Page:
When the restaurant industry found itself facing a whole new world during a pandemic, many of us learned to adjust to cooking more at home, placing to-go orders, and sadly, saying goodbye to some of our favorite places to eat. Adjusting to the changing times also became critical for the people in the kitchens who provided us with those memorable meals. As their livelihoods were affected, chefs and industry professionals had to pivot. Many relied on the power of social media to showcase their talent and tap into their cultural pride with meals created from their own home kitchens.
Meal delivery services aren't new, but cooking from home during a pandemic has given professional chefs a particular freedom to create dishes from the heart, without the structure or restrictions of restaurant kitchens. And it has given us the beauty of restaurant quality food in the comfort of our own homes. Weekly menus sent straight to our doors offer a taste of the world with dishes like earthy moles, juicy shrimp dumplings with chicken consomme, braised oxtails, and masa ball soup, a Mexican twist on the Jewish classic.
Before the pandemic hit, chef Cecily Feng was the pastry sous chef at Los Angeles's acclaimed Osteria Mozza. She created Little Sparrow as an homage to her Chinese roots and favorite flavors from childhood. "It's a dream to set my own hours and have sole creative control. Home is definitely my safe space where I get to work at my own pace. Perhaps the best part is I get to work in savory and pastry, so I get the best of both worlds. What I miss most about working in a restaurant kitchen is the teamwork element and of course, I wish I didn't have to do so many dishes" she said.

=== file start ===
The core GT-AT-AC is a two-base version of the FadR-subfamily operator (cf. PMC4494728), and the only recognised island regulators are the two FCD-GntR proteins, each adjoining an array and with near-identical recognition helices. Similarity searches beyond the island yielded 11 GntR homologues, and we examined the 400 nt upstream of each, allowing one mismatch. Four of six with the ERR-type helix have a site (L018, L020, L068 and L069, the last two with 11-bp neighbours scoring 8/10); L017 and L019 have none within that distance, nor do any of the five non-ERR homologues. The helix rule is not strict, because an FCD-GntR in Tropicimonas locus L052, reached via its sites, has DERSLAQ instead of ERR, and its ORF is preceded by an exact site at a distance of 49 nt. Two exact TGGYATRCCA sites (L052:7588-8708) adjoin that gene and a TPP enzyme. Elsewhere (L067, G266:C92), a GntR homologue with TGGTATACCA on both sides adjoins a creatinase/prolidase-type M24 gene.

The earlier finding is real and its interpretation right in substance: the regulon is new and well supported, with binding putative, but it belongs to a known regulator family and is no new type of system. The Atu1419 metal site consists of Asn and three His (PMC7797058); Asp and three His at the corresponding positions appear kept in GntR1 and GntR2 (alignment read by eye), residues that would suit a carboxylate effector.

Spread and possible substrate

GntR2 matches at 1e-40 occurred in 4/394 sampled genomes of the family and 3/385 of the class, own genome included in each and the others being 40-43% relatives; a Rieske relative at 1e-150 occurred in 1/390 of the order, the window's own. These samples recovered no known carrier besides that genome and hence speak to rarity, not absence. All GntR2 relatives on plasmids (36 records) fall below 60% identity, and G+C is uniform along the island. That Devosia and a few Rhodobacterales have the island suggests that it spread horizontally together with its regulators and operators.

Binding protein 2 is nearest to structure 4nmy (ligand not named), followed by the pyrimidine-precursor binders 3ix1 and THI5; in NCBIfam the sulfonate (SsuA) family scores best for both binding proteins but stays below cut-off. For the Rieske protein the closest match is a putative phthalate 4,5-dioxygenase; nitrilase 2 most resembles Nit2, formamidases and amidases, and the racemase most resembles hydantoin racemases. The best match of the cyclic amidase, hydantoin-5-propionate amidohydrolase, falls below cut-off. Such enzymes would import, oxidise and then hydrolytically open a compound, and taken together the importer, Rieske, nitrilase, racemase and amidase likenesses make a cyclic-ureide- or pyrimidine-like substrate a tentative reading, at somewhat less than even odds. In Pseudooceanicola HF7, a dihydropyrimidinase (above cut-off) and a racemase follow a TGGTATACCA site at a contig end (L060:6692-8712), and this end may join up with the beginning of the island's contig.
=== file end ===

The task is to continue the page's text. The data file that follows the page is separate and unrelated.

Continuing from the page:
Feng's weekly menu includes Hong Kong Shrimp wontons, which were inspired by Mak's Noodle in Hong Kong. "I ate at Mak's in 2014 and haven't stopped thinking about their shrimp wontons ever since. I knew I wanted to give others a taste of these magical wontons. The shrimp wontons are super juicy and when served with seasoned chicken consomme, I feel transported back to a trip that inspired my food journey in so many ways."
After Phert Em was furloughed as the general manager at Bar Amá in March, she used her past experiences in food pop-ups around Los Angeles to create Khemla, which offers Cambodian dishes each week like kha (caramelized pork belly and oxtails) and grilled market whole fish with spicy tamarind sauce and coconut rice. "When Cambodian New Year was fast approaching in April, festivals were canceled and people weren't celebrating with their families. I really wanted to do something. Creating Khemla was my way of celebrating and bringing some joy to my fellow Khmer community. I didn't know what to expect, but I knew I was excited," she said.
"I was born in Guangzhou and grew up eating dumplings and wontons for Chinese holidays and special occasions," said Feng. "I can recall a lot of family gatherings where the main activity was folding dumplings. I definitely gained the most knowledge sitting with my mom and grandmother, watching them make the filling, and learning how to fold dumplings with them. Not everything I do is 100 percent traditional. I've incorporated flavors from family recipes, skills I learned while attending culinary school, and eating all of the amazing Chinese food Los Angeles has to offer."
That celebration of culture and nostalgia serves as a driving force of inspiration behind many of these chefs' menus. It's also an opportunity to connect us on a global journey of taste, even if we aren't doing it within the walls of a restaurant.